Bare with me, I seem to be going through an Elgin infatuation as we … speak? It probably won’t pass, however I’ll most certainly move to another obsession next week that will keep me preoccupied for a little while. In this instance, I’ve been fortunate enough to taste a couple of their stunning Chardonnays over the last few weeks, and decided to stick my “aches-ridden” neck out for it as a variety (dramatic huh?).
Yes the severe Chardonnay bashing in protest of those heavily wooded over ripe wines was long overdue and consumers needed to send out a strong, solidified message; but the ever adapting and evolving wine makers (they hold a reverend place in my heart) have mostly listened and hit back with some jaw dropping muscle! Fair enough, you can affirm that you aren’t a fan of plank in a glass: but to write-off an entire variety because you think they only come in 2 x 4 sizes, is a lot ignorant, is it not?
Take a mere 3 examples from said hallowed ground whose cool climate is perfect for Chardonnay:
Half of this wine gets fermented in stainless steel tanks and inoculated with “store”-bought yeast. The other half is placed in French oak barrels (I suspect older barrels) and let to naturally ferment over 9 months. It further undergoes malolactic fermentation where the Malic acid (think green Granny Smith apples) is converted into Lactic acid (think milk, cream and butter) that turns down the acidity and offers that fatness.
The results are impressive. I picked up that ground nut character I associate with natural ferment, creamy vanilla and lemons on the nose. The palate had sweet apples, stone fruits and refreshing tangerine. Slight toasty, but definite balance.
The grapes are actually sourced from Paul Cluver Wines. They too undergo both tank (about 60 % of them) and barrel fermentation. Old barrels are used that range from 900 to 300 litres in size; with the larger vessels having more subtle oak influence. The intention behind the mix is to keep the freshness and fruit from the tank component and add rounded more complex flavours from the barrel. None of this wine underwent malolactic fermentation.
I first picked up almonds and toast with a lemon peel character. Following through was tangerine, savoury salt and cold ham (which in my head together screams bacon!). There was great intensity matched with crisp acidity that lingered convincingly.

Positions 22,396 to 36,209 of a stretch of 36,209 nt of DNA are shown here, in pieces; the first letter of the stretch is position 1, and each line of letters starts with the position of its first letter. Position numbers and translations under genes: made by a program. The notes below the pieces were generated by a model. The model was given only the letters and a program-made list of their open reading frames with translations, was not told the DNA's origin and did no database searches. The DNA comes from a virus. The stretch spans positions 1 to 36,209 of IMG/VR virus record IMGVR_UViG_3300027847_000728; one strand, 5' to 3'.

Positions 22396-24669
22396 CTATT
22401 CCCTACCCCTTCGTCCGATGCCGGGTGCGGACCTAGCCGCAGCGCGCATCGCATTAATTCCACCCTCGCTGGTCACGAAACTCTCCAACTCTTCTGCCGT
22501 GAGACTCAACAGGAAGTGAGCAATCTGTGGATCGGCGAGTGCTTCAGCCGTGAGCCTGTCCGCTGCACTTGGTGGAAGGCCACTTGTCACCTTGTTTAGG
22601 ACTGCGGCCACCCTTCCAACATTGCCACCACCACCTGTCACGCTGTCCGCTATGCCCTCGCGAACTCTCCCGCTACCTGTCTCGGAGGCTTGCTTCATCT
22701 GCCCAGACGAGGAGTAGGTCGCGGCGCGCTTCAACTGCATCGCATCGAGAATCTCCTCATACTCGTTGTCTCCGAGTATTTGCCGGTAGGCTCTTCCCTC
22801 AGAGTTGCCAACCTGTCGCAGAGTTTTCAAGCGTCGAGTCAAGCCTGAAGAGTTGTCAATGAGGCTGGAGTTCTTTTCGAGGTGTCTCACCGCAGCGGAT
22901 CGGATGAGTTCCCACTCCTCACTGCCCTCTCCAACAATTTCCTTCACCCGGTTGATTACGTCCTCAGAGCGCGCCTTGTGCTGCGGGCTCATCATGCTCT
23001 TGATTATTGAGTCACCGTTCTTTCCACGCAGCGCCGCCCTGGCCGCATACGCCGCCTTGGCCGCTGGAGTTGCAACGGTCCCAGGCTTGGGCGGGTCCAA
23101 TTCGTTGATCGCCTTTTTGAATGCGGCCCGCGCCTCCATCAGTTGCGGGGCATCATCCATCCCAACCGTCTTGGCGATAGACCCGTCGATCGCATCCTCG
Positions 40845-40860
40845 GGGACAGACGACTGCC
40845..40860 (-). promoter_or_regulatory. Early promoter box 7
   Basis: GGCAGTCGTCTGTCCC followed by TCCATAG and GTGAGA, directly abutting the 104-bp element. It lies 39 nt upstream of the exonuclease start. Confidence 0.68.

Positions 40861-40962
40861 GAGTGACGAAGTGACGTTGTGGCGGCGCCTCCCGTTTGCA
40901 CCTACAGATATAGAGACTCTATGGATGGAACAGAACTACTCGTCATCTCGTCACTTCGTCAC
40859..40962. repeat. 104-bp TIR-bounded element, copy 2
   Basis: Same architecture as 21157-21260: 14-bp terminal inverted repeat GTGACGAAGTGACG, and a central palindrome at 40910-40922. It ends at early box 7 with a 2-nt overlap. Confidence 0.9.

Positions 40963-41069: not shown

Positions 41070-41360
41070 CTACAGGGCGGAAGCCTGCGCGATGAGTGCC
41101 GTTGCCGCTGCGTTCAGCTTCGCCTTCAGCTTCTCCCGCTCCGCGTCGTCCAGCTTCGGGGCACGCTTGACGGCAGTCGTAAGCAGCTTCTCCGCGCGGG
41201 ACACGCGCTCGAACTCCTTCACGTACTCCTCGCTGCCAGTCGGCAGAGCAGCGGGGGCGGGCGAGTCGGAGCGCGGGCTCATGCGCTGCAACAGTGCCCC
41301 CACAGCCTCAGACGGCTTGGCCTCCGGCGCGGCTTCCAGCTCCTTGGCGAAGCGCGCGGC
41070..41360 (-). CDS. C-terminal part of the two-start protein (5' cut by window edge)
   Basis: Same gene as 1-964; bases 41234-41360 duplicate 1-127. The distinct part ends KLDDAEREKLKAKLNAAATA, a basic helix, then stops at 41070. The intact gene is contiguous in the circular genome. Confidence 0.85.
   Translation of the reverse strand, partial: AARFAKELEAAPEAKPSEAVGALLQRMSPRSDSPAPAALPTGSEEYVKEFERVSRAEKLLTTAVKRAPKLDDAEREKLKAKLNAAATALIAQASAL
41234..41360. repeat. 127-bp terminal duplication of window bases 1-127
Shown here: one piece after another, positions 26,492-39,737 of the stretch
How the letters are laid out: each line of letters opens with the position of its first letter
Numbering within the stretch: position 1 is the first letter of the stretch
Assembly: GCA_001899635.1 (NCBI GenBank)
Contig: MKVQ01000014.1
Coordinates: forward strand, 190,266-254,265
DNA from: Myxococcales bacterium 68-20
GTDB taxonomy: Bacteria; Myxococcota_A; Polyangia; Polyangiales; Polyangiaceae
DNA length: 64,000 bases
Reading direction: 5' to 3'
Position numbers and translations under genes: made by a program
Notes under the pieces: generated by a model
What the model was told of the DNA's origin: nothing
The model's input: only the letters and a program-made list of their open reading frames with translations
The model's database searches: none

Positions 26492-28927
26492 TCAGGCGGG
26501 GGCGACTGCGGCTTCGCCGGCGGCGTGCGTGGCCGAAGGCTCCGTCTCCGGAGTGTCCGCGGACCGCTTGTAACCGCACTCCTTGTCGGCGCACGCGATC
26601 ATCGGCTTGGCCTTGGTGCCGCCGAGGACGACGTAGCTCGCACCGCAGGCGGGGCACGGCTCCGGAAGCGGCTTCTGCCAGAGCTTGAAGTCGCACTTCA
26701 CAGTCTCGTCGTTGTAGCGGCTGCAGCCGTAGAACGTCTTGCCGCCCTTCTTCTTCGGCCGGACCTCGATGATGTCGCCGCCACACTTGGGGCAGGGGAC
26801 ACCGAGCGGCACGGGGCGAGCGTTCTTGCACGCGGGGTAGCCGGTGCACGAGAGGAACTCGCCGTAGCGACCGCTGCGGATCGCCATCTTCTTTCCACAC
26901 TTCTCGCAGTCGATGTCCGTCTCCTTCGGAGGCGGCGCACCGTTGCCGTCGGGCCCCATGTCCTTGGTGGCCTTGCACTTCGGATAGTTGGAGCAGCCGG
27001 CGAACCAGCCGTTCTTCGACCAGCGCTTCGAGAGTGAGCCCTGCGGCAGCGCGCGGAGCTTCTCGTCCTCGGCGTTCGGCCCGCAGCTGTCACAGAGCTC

Sourced from 11-year-old vines, this wine is made completely naturally: meaning absolutely nothing was added to it; that is no yeast, nutrients or enzymes, with no filtering or fining (Find explanation of fining here) before bottling. A third of the grapes were fermented while still attached to the stems in a process known as whole bunch fermentation for 8 days. In this practice, the stems contribute tannins to the wines and promote oxygenation of the must (mixture of grape juice, skins, stems, seeds and pulp). The remaining grapes were pressed while still attached to the stems (known as whole bunch pressing… no surprise there), where the stems aid in the flow of the juice. Both components were then naturally fermented and aged in 500 litre barrels that had been used four times before (4th fill) for 10 months.
The nose was, for lack of a better word, “interesting”. Struggling to comprehend natural wines, I lacked the vocabulary to describe it other than being “savoury”. On the palate though, it truly came alive! I picked up lemon meringue that gave way to remarkable pure citrus and fleshy fruits. As if this wasn’t enough, the wine was mineral, rounded on the mid palate and astonishingly refreshing. The flavour integration was sheer elegance.
I concede, a sample of 3 is in no way a representation of a whole. However if just one location can produce outstanding and diverse expressions like these, what can an entire country come up with?